THE DEPRESSED ANONYMOUS WORKBOOK Step 10 Question for personal reflection #10. 12. Page 76.
I WANT TO SHARE SOME THOUGHTS ABOUT SOME DOMINANT FEELINGS THAT I AM EXPERIENCING TODAY.
OCTOBER 18 Copyright(c) Higher Thoughts for down days:365 daily thoughts and meditations for 12 step fellowship groups. Depressed Anonymous Publications (2014) pages 207-208.
Today, I want to write down the dominant feelings and share some thoughts about them with some friend.
“…Whenever we bring something clearly into consciousness and then put it outside ourselves in words or in something we make, we take control of it and thus reduce its power.” (7)
I am finding that letting out feelings and ideas into the open after having stuffed them for a time is like steam being released from a boiler. The more I release my sadness and my feelings of helplessness and despair, the more I am able to feel a bit lighter in mood. When I see in front of me, on black and white, what I have been thinking, I am able to debate the material that has had me crippled for so long. I am able to rattle the skeleton’s cage and not run away.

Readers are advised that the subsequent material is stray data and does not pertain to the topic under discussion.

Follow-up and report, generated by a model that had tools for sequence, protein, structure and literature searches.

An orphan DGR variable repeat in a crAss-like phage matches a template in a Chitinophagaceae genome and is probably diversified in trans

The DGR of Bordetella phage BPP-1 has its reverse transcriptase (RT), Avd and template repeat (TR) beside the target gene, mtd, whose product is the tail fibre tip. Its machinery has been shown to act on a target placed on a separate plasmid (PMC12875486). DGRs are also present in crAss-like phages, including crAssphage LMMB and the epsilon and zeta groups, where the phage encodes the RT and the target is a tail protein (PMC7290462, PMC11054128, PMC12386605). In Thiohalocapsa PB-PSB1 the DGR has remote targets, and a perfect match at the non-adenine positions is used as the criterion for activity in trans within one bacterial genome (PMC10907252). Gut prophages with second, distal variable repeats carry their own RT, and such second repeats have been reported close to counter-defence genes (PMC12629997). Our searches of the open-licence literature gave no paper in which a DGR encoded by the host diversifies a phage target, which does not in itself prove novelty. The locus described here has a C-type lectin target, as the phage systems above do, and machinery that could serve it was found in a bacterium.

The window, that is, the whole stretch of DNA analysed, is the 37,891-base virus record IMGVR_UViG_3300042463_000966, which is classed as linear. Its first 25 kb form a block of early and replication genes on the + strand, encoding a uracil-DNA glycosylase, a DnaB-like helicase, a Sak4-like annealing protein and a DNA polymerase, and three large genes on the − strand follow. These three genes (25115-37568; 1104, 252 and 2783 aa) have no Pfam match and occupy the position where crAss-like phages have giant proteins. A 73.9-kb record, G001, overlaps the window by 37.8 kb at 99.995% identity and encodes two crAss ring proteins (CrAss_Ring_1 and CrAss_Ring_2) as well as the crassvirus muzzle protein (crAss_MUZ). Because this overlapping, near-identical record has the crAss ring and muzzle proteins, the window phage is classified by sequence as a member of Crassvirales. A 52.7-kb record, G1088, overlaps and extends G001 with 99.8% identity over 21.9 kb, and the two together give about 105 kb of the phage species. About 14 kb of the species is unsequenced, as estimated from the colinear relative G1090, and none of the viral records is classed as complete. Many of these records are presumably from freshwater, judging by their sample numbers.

When I give away my power I give away a part of myself. And to give away part of myself is to lose hope about my life and my purpose e in life. Purpose, self and power all go together. I have, within my grasp, the power to work myself out of my helplessness the more I put my power to work.
God, grant me the power to take hold of the power that comes from you and put it to use in controlling the fear that pushes me deep into my sadness. I now have the hope that God is going to deliver me my power, that I am taking hold of it and using it to hope.
All growth is gradual and today I am taking another step toward my recovery.
“We just pray to be set free, and gradually, with small steps and subtle changes taking place inside our selves, we feel a change occurring.” (8)